Materials & Nanoscience

Self-assembled Biofunctional Nanomaterials (#433)

Self-assembly is important to many technological areas including novel material design and synthesis (smart responsive materials, self-healing materials), nanomedicine (drug delivery, imaging and molecular diagnostics), personal care products (including cosmetics and detergents), and micro/nano fabrication processes. Self-assembly is also a phenomenon occurring in biological (human) systems controlling life as well as dysfunction. Over the last decade, the study of self assembly has emerged as a distinct field, encompassing much larger and complex molecular and nanoparticle systems. This will be captured in this symposium, by its focus on a wide range of self-assembled nanoparticle systems with the fundamental emphasis on imparting biofunctionality.

Proposed topics would include experiments, theory, computer simulations and applications related to self-assembled nanoparticles systems incorporating surfactants, block copolymers, peptides, proteins, nanoparticles, monolayers, liquid crystals, micelles, vesicles, microemulsions, dendrimers, polymer-protein conjugates, peptide amphiphiles, DNA amphiphiles, etc., and exhibiting biofunctionality. The topics would highlight interdisciplinary research combining chemistry, physics, biology, and material science.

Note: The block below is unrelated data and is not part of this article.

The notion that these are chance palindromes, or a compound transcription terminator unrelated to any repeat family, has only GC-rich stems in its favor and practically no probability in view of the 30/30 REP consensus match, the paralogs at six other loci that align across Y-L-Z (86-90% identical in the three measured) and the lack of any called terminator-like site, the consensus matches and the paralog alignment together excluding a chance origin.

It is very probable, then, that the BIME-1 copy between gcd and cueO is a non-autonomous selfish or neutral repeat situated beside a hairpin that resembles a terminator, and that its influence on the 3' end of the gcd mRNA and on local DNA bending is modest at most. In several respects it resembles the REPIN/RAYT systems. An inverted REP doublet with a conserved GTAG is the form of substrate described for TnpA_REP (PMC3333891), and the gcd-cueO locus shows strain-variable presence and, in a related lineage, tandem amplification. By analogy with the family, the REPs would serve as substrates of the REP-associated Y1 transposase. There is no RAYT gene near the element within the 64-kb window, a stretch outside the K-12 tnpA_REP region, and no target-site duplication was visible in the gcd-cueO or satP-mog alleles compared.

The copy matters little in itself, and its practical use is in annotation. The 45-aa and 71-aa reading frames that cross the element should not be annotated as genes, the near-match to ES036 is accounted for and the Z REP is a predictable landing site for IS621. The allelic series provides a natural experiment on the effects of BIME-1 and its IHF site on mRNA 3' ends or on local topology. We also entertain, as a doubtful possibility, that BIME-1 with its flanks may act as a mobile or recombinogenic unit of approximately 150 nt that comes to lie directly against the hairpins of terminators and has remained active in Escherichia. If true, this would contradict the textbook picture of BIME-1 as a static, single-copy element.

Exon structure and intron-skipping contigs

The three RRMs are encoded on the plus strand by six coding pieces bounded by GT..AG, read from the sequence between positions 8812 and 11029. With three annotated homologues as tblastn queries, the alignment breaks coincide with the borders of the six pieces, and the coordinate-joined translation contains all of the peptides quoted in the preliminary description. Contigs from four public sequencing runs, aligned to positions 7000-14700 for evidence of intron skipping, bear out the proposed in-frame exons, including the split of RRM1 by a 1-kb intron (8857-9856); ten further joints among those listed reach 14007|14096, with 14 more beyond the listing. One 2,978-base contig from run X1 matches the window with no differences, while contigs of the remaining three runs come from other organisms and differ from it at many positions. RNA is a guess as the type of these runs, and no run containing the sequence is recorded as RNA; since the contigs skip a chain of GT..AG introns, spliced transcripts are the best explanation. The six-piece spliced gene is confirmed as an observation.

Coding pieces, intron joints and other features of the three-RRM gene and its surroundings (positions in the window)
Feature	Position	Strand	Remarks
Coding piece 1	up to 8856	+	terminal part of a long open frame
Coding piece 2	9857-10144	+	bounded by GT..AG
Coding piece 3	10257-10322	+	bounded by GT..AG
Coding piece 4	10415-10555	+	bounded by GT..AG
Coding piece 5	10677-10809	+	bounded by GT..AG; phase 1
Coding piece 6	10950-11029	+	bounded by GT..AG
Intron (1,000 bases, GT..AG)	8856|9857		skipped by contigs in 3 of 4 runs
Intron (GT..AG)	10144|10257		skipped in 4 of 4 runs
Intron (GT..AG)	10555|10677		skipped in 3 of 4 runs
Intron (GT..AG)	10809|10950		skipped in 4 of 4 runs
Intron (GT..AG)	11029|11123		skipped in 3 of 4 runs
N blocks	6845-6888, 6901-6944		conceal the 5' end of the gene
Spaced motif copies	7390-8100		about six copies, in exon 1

Self assembly of molecules to create nanoparticles, self-assembly of nanoparticles to create new materials or devices, self-assembly in biological cell and its components contributing to essential life functions, self-assembly of proteins leading to neurodegenerative diseases, and self-assembly of molecules/particles for nanomedicine applications of drug delivery and diagnostics have all made self-assembly a topic of great importance and have assured its continuing growth. This symposium will assess the state of the art understanding of these diverse systems where self-assembled biofunctional nanomaterials are the key actors.
Last update: Dec 28, 2015